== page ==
New Kylchap Chimney & Blastpipe Original Chimney & Blastpipe Kylchap Chimney & Blastpipe Assembly The Original Ashpan

Ashpan Airspaces

A surprise came early in the restoration of No 71000 when a new ashpan was being constructed. The old ashpan was of a through compartment hopper type, but advanced corrosion meant that it was only fit for scrap. No drawings were available at the time so, in order to keep the work moving as planned, team leader Chris Ball fabricated a new ashpan assembly using the dimensions of the original as reference. On completion, the BR drawings had come to hand so Chris checked his new ashpan against them and was amazed to find that the damper door air spaces (through which air passes to the firegate), were too small by 72sq in! The old ashpan was immediately compared and, as it had been the source of the measurements, was also deficient in air space. Quite clearly, the mistake had been made in construction. The new ashpan was quickly and easily corrected.

Certain factors were taken into account when assessing the importance of the deficiency in the damper door air space. The deficiency was all on the front and at the bottom, i.e. nearest the track, which would give it more significance. In 1961 Crewe enginemen had complained that that there was not enough air through the firebed and slots were cut in the sides of the old ashpan in an attempt to rectify this, with a degree of success. However, considered opinion was that this might have been a contributary factor to poor steaming, but not the main cause. Detailed research was put under way in an endeavour to establish if other deep seated flaws were present in the boiler design.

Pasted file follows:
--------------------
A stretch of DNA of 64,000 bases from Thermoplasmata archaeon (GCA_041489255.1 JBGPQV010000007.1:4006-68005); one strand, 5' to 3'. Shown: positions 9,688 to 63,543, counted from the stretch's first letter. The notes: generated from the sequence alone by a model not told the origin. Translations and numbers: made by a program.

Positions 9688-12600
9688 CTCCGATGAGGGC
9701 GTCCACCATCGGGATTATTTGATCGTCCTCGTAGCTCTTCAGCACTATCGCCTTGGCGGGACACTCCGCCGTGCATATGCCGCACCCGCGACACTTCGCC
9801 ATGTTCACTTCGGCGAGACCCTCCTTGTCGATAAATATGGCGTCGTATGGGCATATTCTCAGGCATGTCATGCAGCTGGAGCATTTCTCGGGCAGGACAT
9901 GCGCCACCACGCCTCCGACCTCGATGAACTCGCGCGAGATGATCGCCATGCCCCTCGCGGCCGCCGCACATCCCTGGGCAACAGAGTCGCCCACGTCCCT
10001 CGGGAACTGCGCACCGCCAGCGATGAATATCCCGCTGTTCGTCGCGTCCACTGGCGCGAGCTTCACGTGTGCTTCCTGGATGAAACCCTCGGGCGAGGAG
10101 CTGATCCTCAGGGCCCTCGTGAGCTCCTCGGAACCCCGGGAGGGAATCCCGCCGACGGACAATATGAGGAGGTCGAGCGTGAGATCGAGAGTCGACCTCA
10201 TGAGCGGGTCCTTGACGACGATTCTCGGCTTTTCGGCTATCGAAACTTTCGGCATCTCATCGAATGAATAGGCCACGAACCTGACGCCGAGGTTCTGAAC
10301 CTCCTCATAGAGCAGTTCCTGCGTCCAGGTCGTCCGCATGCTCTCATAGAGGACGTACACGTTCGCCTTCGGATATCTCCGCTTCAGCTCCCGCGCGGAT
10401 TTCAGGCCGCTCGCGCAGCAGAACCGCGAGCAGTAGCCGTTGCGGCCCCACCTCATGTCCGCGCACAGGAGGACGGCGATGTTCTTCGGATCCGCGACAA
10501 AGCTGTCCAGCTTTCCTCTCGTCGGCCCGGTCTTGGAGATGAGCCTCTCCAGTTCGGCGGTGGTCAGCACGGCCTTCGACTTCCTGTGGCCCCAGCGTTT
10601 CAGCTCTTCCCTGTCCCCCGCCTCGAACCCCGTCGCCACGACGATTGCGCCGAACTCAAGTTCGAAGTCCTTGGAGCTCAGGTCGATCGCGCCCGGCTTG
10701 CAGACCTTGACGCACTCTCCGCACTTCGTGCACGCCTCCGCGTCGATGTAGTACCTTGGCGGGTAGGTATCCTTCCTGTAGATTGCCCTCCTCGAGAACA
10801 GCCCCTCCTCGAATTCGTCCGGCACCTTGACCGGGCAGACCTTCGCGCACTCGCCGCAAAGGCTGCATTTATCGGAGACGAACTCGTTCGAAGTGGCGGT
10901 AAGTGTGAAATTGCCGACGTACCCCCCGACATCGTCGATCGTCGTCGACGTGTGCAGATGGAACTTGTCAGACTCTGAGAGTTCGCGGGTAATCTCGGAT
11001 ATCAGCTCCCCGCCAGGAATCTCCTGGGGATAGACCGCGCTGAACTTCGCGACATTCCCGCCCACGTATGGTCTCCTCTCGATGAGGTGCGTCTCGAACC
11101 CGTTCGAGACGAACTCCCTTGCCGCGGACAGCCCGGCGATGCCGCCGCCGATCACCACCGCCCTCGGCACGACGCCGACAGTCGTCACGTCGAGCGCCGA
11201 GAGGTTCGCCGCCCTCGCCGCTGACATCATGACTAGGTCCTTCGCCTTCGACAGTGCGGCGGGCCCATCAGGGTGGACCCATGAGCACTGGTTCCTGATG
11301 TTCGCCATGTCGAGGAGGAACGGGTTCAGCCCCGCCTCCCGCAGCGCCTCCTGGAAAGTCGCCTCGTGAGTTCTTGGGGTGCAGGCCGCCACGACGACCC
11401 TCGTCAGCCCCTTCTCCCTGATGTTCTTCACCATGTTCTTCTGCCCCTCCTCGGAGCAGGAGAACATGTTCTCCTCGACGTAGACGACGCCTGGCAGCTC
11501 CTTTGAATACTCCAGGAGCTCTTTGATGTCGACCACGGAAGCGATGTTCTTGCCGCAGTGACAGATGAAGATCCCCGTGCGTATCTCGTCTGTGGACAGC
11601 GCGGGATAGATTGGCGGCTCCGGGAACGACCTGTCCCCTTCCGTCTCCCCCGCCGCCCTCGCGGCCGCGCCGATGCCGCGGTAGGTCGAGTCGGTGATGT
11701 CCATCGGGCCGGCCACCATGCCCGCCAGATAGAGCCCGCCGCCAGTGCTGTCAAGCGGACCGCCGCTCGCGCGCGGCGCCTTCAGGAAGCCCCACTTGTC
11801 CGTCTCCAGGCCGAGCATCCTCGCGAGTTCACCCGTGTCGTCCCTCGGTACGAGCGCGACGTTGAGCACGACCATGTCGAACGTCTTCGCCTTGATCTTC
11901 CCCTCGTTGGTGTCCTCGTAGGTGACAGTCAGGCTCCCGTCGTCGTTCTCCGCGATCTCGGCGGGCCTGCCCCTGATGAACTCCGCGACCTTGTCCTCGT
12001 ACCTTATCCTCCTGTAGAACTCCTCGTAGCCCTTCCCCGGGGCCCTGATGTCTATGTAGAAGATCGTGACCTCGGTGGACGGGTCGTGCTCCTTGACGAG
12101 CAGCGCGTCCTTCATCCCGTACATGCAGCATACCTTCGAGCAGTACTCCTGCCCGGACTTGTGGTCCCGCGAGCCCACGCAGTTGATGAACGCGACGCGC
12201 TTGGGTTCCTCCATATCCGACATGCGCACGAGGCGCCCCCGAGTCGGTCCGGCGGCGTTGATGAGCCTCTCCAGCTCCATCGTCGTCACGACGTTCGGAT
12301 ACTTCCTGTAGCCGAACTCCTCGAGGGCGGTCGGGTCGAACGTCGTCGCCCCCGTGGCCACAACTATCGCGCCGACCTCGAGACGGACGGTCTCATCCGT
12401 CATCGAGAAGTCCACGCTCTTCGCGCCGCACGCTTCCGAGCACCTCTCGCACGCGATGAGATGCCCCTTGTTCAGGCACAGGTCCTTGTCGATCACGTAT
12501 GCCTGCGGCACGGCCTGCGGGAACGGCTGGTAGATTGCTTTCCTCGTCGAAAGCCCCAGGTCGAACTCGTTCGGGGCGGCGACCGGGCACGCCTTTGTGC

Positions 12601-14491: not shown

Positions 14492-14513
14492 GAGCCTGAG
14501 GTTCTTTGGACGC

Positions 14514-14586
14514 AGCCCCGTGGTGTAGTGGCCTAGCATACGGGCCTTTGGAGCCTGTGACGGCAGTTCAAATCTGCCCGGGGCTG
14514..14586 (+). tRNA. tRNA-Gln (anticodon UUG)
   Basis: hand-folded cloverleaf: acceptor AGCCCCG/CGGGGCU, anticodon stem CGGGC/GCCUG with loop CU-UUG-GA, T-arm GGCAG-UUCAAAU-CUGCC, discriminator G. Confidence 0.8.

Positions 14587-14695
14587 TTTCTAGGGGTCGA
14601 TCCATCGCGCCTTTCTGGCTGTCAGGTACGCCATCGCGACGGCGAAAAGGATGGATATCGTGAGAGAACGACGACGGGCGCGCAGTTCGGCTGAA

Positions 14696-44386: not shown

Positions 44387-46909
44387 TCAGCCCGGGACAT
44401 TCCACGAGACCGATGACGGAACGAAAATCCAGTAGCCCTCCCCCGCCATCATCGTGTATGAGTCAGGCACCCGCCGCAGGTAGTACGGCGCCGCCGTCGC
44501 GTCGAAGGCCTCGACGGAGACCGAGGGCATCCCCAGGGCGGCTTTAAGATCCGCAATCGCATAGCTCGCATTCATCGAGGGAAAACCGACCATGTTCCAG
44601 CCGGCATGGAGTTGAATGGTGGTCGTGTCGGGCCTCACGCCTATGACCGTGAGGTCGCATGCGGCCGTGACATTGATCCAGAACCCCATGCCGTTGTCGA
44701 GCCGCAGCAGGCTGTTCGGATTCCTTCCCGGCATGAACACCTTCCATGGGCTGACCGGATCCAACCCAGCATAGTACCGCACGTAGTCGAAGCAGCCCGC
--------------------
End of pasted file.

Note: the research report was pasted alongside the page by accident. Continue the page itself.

The Chimney & Blastpipe

The Duke's steaming performance was often measured against that of the rebuilt Bulleid 'Merchant Navy' and Peppercorn 'A1/A2' Pacifics, the boilers of which were not so different dimensionally, so it made sense to compare the three types. Also, it seemed worthwhile to look at aspects of other big contemporary British steam engines to put the comparisons in perspective.

This research showed that in theory, No 71000 was at least as good as the other two designs except for the chimney and blastpipe arrangement.The total area of the plain blastpipe nozzles of No 71000, at 25sq in, was less than either the five-nozzle unit of the 'Merchant Navy' at 27.5 sq in, or the twin-cloverleaf pattern of the 'A2' Kylchap blastpipe at 29.5 sq in. Both of the others, because of their different designs, had a surface area of steam that was greater still. Mr Daniels had always considered that not only was the Swindon double chimney design unsuitable for 'The Duke', but it actually caused 'throttling' of the steam at the exhaust ports. Ample evidence is to hand to show that Swindon's principles of draughting, while producing superb results in modifying the 'Castles' and 'Kings', were not necessarily suited to engines other than those of the first-named GWR class. Experiments on LNER Pacifics had proved disastrous.